Palazzo Vitelli alla Cannoniera is something not to be missed in Città di Castello. Built by the family over the ruins of an old cannons’ foundry, in the first half of the 1500s. Giorgio Vasari made the rich graffito decoration that adorns the façade overlooking the garden. The Palazzo houses the municipal picture gallery (pinacoteca comunale), one of the most important collection of the whole Umbria region. The most interesting will certainly be Maestà by an artist known as Maestro di Città di Castello; St Sebastiano’s Martyrdom (il martirio di San Sebastiano) (1498 circa), by Luca Signorelli; the Holy Trinity Processional Bulwark, made by Raffaello in 1501 circa; the Virgin’s coronation, by Ghirlandaio. The lovely exhibition includes some gorgeous glazed earthenware attributed to Giovanni, Andrea and Luca della Robbia, as well as a display cabinet preserving St Andrea’s relics. The Picture gallery is open to visits every day except of Monday, 10 am – 1 pm and 3 pm – 6.30 pm. Despite the heavy-hitting artists, the city is still little-known among tourists.

Have a look at the large and intriguing aisleless Church of St Domenico, built in 1424. The church has preserved notable Quattrocento (1400s) frescoes and a wood inlaid chorus. The building that housed the Dominican convent stands just next to the church and offers a lovely 17th-century cloister. The building that faces the church is the old Hospital, finished in 1785.

Corso Vittorio Emanuele, the long straight stretch that links the gate of St Maria Maggiore within the historical centere, and goes to the Renaissance church of St Maria Maggiore, a beautiful element of the urban renewal promoted by the Vitelli’s. Along the street you will see some 16th-century buildings, like Palazzo Bruni and Palazzo Lignai-Marchesani. At the street number 2, there is Palazzo Facchinetti, with elegant wrought iron balcony over a beautiful Baroque portal.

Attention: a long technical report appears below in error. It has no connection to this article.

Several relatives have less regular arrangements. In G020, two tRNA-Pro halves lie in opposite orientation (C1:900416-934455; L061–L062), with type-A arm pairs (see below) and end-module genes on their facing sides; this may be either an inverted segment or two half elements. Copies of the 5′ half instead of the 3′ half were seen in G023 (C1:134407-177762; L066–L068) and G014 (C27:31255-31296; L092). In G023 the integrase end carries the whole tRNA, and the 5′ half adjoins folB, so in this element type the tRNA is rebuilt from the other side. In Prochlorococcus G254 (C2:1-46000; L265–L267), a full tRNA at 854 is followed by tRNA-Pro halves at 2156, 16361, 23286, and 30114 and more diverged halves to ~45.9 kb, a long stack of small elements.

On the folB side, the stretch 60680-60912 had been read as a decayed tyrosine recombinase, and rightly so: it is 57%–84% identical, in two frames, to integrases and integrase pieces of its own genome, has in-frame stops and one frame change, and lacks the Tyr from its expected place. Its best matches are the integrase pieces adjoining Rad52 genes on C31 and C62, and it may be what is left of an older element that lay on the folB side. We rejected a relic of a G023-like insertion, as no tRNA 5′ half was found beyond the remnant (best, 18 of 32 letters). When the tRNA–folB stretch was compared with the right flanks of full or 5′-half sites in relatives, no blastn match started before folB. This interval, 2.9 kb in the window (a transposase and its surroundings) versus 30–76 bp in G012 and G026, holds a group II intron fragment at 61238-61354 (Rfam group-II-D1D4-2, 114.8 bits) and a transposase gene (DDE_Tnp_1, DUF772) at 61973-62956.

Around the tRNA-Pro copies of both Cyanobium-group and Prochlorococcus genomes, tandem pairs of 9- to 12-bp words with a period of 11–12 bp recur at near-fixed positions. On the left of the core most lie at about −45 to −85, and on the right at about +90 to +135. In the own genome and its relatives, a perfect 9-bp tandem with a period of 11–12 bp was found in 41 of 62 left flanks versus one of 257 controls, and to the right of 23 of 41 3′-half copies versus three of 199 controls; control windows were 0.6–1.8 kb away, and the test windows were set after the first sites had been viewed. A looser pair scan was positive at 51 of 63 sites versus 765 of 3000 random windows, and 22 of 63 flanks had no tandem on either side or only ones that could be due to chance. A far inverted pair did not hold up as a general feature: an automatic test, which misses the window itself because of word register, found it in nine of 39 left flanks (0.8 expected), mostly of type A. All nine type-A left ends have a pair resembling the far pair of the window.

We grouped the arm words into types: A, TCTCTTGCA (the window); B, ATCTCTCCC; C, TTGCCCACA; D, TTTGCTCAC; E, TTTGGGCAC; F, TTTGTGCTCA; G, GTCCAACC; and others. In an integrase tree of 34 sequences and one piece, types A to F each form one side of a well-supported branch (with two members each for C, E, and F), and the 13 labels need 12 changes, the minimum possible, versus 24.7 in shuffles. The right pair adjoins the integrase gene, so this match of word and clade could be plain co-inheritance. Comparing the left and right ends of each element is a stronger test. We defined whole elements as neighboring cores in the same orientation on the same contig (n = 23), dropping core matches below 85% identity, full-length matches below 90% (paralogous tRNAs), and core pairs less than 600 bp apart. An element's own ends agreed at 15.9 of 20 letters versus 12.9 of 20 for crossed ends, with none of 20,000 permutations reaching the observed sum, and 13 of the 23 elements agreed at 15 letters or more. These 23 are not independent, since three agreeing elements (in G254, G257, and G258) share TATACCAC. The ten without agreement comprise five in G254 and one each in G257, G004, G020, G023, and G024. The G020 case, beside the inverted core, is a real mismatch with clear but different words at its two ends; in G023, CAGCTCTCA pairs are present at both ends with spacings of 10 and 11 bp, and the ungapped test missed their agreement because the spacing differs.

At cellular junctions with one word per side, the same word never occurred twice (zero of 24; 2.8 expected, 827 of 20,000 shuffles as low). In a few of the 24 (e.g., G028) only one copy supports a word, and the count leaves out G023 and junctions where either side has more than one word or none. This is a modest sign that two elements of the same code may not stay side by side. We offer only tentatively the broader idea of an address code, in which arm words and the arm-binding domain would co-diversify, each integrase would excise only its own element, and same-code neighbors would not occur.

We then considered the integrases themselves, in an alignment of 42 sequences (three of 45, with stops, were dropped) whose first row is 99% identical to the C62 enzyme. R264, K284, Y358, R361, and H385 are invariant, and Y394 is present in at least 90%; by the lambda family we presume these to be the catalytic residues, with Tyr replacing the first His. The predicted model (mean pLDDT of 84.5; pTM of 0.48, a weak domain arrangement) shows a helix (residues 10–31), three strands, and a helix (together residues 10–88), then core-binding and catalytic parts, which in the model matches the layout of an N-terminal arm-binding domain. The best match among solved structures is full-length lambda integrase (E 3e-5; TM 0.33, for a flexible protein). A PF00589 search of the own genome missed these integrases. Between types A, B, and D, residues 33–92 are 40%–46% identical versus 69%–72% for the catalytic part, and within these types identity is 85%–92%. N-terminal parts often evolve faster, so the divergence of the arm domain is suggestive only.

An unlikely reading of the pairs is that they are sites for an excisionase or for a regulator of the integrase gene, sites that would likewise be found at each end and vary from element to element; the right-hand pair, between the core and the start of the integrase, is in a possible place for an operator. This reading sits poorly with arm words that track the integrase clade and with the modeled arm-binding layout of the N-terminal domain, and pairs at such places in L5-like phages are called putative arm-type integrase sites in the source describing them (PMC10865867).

Palazzo Vitelli in Porta St Egidio (yes, another Vitelli palazzo!) is the biggest building erected in town. Giorgio Vasari designed it with a long façade interrupted by two portals and three series of windows of ashlar masonry work in local stone. Stunning Prospero Fontana frescoes are festooned inside the building.

Do not miss the Church of St Francesco, built between the 13th and the 14th century (as visible from the portal, the right side and three polygonal apses), but almost totally remade during the eighteenth century. Close by the entrance on the left side, a splendid wrought iron gate, by Pietro di Ercolano (1567), introduces the marvellous Vitelli Chapel. This impressive work of art, made by Giorgio Vasari, preserves 26 inlaid choir stalls representing the lives of the Virgin and St Francesco. A side altar exhibits a copy of Sposalizio della Vergine (1504), the famous altar-piece painted by Raffaello for the conventuals, whose original is shown in "Pinacoteca Milanese" in Brera. The theatre, located close to the church, in Via Fucci, is a little jewel erected for want of the Enlightened people, in 1660.

Besides all the admirable and beautiful artwork and architecture around town, it is just plain pleasant to stroll the classy streets, sit at a wine bar or piazza cafe, enjoy the atmosphere and boutiques, maybe a gelato (or two!) and soak it all in. This is a city to discover and enjoy!